Senior-level executives of publicly traded companies engage SFG for their financial planning, tax planning and investments, freeing them to manage their careers and live more fulfilling lives.
Few sources of wealth offer as rapid a chance to build assets as an executive’s stock-based compensation plan. We believe in the power of financial planning and management of equity compensation to produce a wealth multiplier effect.
Who has time to closely implement a strategy for their company stock? Who will monitor new awards and impending expirations? Our clients are decision makers with complex stock-based compensation issues for whom time is their most valuable asset.
SFG Wealth Planning provides executive equity planning for life. Senior-level executives of publicly traded companies engage SFG for their financial planning, tax planning and investments, freeing them to manage their careers and live more fulfilling lives.
Founded in 1993, we are a fee-only financial planning team dedicated to a highly-engaged and personalized approach to financial planning.
Through our Executive Planning Services, SFG Wealth Planning implements and monitors all aspects of a client’s financial life on a fee-only basis, covering stock-based compensation, estate, retirement, education, tax, insurance, and investment planning. It’s a partnership that puts the client’s goals first.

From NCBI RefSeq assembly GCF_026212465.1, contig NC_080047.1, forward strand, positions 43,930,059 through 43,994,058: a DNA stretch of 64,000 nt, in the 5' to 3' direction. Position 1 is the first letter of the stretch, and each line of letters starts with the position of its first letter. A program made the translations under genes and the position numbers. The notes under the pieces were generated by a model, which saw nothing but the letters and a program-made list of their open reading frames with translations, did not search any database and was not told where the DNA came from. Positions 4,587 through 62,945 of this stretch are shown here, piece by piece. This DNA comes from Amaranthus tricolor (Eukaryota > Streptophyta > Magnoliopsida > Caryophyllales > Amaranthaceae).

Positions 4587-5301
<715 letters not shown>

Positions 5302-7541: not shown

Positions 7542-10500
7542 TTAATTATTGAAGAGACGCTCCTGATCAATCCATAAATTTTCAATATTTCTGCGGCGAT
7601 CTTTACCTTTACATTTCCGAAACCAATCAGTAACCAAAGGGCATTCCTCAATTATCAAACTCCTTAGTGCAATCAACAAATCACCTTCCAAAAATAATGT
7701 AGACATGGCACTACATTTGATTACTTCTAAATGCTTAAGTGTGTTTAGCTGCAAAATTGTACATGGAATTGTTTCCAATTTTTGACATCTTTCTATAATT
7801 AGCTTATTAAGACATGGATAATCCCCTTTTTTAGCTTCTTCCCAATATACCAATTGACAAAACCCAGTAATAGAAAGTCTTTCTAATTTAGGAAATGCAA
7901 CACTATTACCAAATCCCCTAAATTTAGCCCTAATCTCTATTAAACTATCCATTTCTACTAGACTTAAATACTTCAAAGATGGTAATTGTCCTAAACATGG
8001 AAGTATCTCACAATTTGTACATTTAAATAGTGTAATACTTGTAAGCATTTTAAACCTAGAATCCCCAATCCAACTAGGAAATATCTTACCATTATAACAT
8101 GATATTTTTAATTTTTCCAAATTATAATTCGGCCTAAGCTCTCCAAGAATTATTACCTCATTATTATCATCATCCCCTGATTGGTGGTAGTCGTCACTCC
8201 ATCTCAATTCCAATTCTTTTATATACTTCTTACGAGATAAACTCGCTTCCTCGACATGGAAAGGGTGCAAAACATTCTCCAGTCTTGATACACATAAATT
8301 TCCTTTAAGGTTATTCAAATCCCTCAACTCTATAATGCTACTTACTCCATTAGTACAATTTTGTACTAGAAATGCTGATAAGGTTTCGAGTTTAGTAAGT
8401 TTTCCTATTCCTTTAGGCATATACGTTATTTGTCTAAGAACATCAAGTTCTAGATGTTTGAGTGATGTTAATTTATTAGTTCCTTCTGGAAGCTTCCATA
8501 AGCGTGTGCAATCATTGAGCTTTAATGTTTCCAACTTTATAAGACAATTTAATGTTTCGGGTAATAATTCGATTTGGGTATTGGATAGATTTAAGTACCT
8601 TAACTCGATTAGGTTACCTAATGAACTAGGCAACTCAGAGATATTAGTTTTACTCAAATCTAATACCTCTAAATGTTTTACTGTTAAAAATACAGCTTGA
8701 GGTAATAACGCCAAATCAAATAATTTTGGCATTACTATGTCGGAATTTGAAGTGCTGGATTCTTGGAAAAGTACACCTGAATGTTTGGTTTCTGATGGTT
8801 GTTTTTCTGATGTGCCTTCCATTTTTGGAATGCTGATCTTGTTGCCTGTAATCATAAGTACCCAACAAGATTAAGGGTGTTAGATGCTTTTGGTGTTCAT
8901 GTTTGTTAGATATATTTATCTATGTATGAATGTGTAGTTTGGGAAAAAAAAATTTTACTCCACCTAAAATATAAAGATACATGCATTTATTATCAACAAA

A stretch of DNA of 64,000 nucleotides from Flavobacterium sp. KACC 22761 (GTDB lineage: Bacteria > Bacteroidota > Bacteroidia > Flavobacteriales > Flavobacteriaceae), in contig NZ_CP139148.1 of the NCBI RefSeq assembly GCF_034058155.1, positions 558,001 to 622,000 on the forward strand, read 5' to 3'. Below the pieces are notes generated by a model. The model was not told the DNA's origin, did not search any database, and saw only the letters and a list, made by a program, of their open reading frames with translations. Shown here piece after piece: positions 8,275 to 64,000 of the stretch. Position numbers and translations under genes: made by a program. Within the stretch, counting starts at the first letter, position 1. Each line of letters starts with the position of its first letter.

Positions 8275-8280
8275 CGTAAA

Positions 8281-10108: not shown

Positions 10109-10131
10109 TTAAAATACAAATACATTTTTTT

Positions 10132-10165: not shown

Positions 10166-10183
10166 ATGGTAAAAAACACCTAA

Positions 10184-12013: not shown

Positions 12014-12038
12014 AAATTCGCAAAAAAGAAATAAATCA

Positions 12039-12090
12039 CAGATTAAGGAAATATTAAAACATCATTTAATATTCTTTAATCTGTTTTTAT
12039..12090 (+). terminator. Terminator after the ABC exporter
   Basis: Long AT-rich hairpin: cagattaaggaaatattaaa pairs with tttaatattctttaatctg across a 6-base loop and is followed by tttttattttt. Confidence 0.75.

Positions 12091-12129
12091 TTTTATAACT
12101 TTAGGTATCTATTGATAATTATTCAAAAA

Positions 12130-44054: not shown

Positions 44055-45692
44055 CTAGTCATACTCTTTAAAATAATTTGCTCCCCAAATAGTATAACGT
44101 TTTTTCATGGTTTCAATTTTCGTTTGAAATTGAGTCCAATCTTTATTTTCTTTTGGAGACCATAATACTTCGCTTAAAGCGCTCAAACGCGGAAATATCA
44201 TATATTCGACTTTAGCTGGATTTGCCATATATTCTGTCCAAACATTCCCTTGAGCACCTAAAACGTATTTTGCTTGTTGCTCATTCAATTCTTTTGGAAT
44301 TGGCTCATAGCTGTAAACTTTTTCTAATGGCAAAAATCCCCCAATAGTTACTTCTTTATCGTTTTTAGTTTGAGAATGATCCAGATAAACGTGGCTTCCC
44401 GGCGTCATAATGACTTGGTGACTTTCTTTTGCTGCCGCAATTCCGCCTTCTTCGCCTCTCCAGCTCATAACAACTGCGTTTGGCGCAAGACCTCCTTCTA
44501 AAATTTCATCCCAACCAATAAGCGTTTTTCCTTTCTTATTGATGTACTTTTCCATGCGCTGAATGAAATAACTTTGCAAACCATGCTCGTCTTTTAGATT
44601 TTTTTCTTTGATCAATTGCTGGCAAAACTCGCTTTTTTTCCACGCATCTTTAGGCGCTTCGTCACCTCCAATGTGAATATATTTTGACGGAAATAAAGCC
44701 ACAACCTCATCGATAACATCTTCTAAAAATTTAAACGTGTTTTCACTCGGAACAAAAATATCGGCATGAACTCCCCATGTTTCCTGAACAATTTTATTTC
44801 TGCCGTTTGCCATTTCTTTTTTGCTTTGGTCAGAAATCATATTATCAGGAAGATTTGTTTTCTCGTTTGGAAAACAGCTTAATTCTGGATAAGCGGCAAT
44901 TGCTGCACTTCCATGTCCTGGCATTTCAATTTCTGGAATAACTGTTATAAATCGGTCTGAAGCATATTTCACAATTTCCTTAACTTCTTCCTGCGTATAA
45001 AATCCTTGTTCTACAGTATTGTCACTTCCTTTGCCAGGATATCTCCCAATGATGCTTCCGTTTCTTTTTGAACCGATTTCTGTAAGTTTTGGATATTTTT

Complex tax and delicate regulation issues, such as sales under 10b5-1, hedging, and transfers. While there are many different kinds of restricted stock, and the tax and forfeiture rules associated with them can be very complex, two of the most popular involve the granting of Restricted Stock Units (RSUs) and Non-Qualified Options (NQOs). Most senior corporate leaders often receive prescribed amounts. In some firms, executives may choose which stock plan they prefer; and, in a few cases, executives may choose both.
In most cases, you can allocate 100% of your bonus, but only a percentage of your salary. While the money enters the plan on a pre-tax basis, while retaining the chance to grow on a tax-deferred basis, some plans require that the Medicare tax must be paid up front.
Companies with a 12/31 fiscal year end will frequently approach their executive plan participants in October and November to determine what percentage of salary and bonus an executive wishes to contribute to the plan. This is the time for you to take out the crystal ball and speculate about what will happen to you and your family’s cash flow in the coming year. Will there be enough money set aside for emergencies? What should your budget look like? How much cash flow will you need?
It’s only after taking your best guesses at those questions with the help of a financial advisor that you can make an informed decision about what percentage of your compensation should be deployed to your employer’s plan.